The team considered other explanations for the young white dwarfs' location. They could have been part of binary systems and gotten kicked out by their partners. Or perhaps they were given a boost after encountering heavier stars. The team, however, ruled out those explanations through computer simulations.
Richer hopes to study other globular clusters for runaway white dwarfs. The results will appear in the January 2008 issue of the Monthly Notices of Royal Astronomical Society Letters.
Other members of the team are I.R. King (University of Washington, Seattle); J. Anderson (Space Telescope Science Institute, Baltimore, Md.); J. Coffey (University of British Columbia, Vancouver); G.G. Fahlman (NRC Herzberg Institute of Astrophysics, National Research Council Canada, Saanich, British Columbia); J. Hurley (Swinburne University of Technology, Hawthorn, Australia); and J.S. Kalirai (University of California at Santa Cruz.)
Composition and structure
Although white dwarfs are known with estimated masses as low as 0.17 and as high as 1.33 solar masses, the mass distribution is strongly peaked at 0.6 solar mass, and the majority lie between 0.5 to 0.7 solar mass. The estimated radii of observed white dwarfs, however, are typically between 0.008 and 0.02 times the radius of the Sun; this is comparable to the Earth's radius of approximately 0.009 solar radius. A white dwarf, then, packs mass comparable to the Sun's into a volume that is typically a million times smaller than the Sun's; the average density of matter in a white dwarf must therefore be, very roughly, 1,000,000 times greater than the average density of the Sun, or approximately 106 grams (1 tonne) per cubic centimeter. White dwarfs are composed of one of the densest forms of matter known, surpassed only by other compact stars such as neutron stars, black holes and, hypothetically, quark stars.
White dwarfs were found to be extremely dense soon after their discovery. If a star is in a binary system, as is the case for Sirius B and 40 Eridani B, it is possible to estimate its mass from observations of the binary orbit. This was done for Sirius B by 1910, yielding a mass estimate of 0.94 solar mass. (A more modern estimate is 1.00 solar mass.) Since hotter bodies radiate more than colder ones, a star's surface brightness can be estimated from its effective surface temperature, and hence from its spectrum. If the star's distance is known, its overall luminosity can also be estimated. Comparison of the two figures yields the star's radius. Reasoning of this sort led to the realization, puzzling to astronomers at the time, that Sirius B and 40 Eridani B must be very dense. For example, when Ernst Öpik estimated the density of a number of visual binary stars in 1916, he found that 40 Eridani B had a density of over 25,000 times the Sun's, which was so high that he called it "impossible". As Arthur Stanley Eddington put it later in 1927:, p. 50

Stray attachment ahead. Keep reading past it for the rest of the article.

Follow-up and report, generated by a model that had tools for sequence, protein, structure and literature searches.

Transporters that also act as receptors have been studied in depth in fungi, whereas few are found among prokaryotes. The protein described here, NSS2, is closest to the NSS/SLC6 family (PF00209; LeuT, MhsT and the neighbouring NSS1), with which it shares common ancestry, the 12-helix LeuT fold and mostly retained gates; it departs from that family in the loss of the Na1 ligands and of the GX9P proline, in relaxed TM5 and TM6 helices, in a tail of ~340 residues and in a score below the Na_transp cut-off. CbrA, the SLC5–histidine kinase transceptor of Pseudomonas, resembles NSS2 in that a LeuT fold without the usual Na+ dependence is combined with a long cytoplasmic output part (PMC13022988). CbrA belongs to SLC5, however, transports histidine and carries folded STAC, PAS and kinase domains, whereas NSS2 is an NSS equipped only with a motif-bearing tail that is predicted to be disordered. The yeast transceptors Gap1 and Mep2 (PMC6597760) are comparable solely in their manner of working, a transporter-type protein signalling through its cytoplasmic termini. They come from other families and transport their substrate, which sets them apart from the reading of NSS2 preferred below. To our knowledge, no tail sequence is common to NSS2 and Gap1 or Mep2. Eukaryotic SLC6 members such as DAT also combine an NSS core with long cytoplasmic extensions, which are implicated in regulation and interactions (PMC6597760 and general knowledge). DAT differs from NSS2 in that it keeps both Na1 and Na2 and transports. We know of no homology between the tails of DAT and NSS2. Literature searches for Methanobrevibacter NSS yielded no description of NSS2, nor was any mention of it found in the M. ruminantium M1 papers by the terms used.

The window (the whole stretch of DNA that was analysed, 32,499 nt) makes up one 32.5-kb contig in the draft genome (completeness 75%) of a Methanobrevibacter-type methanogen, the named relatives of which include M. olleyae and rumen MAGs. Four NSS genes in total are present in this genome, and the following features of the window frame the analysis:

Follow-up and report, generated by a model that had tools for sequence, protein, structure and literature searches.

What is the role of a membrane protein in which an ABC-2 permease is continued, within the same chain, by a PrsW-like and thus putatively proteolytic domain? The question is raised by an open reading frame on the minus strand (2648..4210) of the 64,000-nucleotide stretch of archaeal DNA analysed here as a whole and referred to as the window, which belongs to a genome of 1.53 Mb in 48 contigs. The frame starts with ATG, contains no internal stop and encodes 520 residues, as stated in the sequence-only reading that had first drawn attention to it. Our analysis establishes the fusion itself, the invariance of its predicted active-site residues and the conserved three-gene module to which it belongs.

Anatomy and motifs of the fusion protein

We learn about the stars by receiving and interpreting the messages which their light brings to us. The message of the Companion of Sirius when it was decoded ran: "I am composed of material 3,000 times denser than anything you have ever come across; a ton of my material would be a little nugget that you could put in a matchbox." What reply can one make to such a message? The reply which most of us made in 1914 was—"Shut up. Don't talk nonsense."
As Eddington pointed out in 1924, densities of this order implied that, according to the theory of general relativity, the light from Sirius B should be gravitationally redshifted. This was confirmed when Adams measured this redshift in 1925.
Such densities are possible because white dwarf material is not composed of atoms bound by chemical bonds, but rather consists of a plasma of unbound nuclei and electrons. There is therefore no obstacle to placing nuclei closer to each other than electron orbitals—the regions occupied by electrons bound to an atom—would normally allow. Eddington, however, wondered what would happen when this plasma cooled and the energy which kept the atoms ionized was no longer present. This paradox was resolved by R. H. Fowler in 1926 by an application of the newly devised quantum mechanics. Since electrons obey the Pauli exclusion principle, no two electrons can occupy the same state, and they must obey Fermi-Dirac statistics, also introduced in 1926 to determine the statistical distribution of particles which satisfy the Pauli exclusion principle. At zero temperature, therefore, electrons could not all occupy the lowest-energy, or ground, state; some of them had to occupy higher-energy states, forming a band of lowest-available energy states, the Fermi sea. This state of the electrons, called degenerate, meant that a white dwarf could cool to zero temperature and still possess high energy. Another way of deriving this result is by use of the uncertainty principle: the high density of electrons in a white dwarf means that their positions are relatively localized, creating a corresponding uncertainty in their momenta. This means that some electrons must have high momentum and hence high kinetic energy.